Georeferencing (image registration) can be defined as the registration of an image (usually, all data are converted into a matrix format and then shown as an image) coordinates to a specific geographic coordinate system. As a result, each pixel of the image will correspond to a point (a small area) on the ground and can be shown in geographic software. If the data collection device is equipped with RTK-GPS, the output would precisely match the real-world coordinates. Lidar and SAR scanners usually work in this way. However, most of the devices use GPS receivers with an accuracy of more than a meter. As a result, the recorded data might be off by up to several meters. In this case, Ground Control Points (GCP, marked points on the ground with known coordinates) are used to align images, and the precision of alignment depends on the number (0.2-0.4 GCPs per acre) and distribution (edges of the study area plus inside the area) of the GCPs [1] [2]. In case absolute georeferencing is not required and several images need to be registered on top of each other, some prominent mutual features can be used as GCPs to alight the images.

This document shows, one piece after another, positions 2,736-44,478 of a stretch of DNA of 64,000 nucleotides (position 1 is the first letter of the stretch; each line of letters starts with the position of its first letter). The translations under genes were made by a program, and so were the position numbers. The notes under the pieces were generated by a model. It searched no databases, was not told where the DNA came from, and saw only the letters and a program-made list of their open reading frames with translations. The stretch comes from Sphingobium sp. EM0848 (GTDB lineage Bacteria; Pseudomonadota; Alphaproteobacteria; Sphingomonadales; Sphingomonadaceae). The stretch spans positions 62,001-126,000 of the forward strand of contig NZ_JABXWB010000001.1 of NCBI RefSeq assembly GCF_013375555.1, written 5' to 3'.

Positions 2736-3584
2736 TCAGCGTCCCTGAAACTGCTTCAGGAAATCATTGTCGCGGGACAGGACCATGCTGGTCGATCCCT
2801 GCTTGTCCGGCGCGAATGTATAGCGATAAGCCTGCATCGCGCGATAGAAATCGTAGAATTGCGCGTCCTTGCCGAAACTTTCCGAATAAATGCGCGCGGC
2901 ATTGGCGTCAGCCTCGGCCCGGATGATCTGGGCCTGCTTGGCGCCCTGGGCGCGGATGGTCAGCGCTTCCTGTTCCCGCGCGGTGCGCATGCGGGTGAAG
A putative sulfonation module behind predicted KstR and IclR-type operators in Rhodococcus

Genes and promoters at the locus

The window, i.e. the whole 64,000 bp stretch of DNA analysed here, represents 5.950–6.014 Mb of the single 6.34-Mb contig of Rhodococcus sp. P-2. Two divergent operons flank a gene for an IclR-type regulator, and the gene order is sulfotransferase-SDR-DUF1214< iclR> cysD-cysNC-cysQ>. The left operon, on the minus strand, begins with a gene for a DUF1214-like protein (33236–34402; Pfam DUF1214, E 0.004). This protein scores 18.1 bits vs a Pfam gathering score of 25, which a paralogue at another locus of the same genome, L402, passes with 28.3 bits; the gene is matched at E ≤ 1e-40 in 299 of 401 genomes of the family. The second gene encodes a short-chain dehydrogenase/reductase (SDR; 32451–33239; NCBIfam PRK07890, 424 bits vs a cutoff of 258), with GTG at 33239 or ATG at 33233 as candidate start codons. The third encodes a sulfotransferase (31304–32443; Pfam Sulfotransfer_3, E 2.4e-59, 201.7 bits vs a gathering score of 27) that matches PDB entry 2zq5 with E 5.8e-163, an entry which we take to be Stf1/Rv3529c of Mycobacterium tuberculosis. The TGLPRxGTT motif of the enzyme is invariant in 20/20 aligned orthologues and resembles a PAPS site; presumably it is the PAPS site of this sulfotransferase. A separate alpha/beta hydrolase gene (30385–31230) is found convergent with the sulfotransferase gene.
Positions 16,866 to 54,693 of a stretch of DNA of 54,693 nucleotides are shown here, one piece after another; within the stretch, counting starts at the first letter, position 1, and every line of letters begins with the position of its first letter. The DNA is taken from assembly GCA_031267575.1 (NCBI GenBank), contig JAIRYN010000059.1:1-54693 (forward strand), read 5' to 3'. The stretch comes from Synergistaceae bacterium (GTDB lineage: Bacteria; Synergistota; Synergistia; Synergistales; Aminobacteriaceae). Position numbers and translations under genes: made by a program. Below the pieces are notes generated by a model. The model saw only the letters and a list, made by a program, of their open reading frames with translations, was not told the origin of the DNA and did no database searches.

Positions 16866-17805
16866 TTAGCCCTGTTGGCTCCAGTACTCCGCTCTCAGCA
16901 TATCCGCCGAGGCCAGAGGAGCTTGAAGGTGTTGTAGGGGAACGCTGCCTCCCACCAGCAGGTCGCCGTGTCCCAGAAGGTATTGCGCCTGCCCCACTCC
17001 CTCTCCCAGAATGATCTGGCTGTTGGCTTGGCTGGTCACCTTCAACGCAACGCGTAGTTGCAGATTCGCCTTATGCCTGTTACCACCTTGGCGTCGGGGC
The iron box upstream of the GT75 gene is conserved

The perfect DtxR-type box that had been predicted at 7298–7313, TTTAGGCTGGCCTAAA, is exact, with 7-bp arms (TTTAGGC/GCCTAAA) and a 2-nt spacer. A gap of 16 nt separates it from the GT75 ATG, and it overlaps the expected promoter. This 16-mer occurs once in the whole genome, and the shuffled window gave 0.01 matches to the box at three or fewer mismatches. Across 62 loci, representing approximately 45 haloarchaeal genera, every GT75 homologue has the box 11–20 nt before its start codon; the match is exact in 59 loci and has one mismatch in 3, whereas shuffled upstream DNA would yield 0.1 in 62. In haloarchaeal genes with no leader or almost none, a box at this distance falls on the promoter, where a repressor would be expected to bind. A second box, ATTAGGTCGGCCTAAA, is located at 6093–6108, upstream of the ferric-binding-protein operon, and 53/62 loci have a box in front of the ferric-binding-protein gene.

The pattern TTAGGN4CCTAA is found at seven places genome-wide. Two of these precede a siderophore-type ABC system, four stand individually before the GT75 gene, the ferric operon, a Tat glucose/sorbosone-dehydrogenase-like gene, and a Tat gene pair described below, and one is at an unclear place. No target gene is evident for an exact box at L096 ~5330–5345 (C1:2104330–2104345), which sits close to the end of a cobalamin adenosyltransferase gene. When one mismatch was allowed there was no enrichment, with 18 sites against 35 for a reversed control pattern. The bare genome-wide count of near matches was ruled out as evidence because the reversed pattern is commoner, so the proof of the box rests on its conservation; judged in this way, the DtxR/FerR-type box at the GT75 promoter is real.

Georeferencing can be done either for a single image or for mosaics that are created using multiple stitched images. Some studies cover the whole study site in a single image avoiding commercial mosaicing software. In this approach, special attention must be paid to the effects of wide-angle imaging in calibration and GSD differences. When the GCPs are determined, georeferencing can be done manually or by a customized script.


[1]       P. Martínez-Carricondo, F. Agüera-Vega, F. Carvajal-Ramírez, F.-J. Mesas-Carrascosa, A. García-Ferrer, and F.-J. Pérez-Porras, “Assessment of UAV-photogrammetric mapping accuracy based on variation of ground control points,” International journal of applied earth observation and geoinformation, vol. 72, pp. 1–10, 2018.

[2]       M. X. Tagle Casapia, “Study of radiometric variations in Unmanned Aerial Vehicle remote sensing imagery for vegetation mapping,” Lund University GEM thesis series, 2017.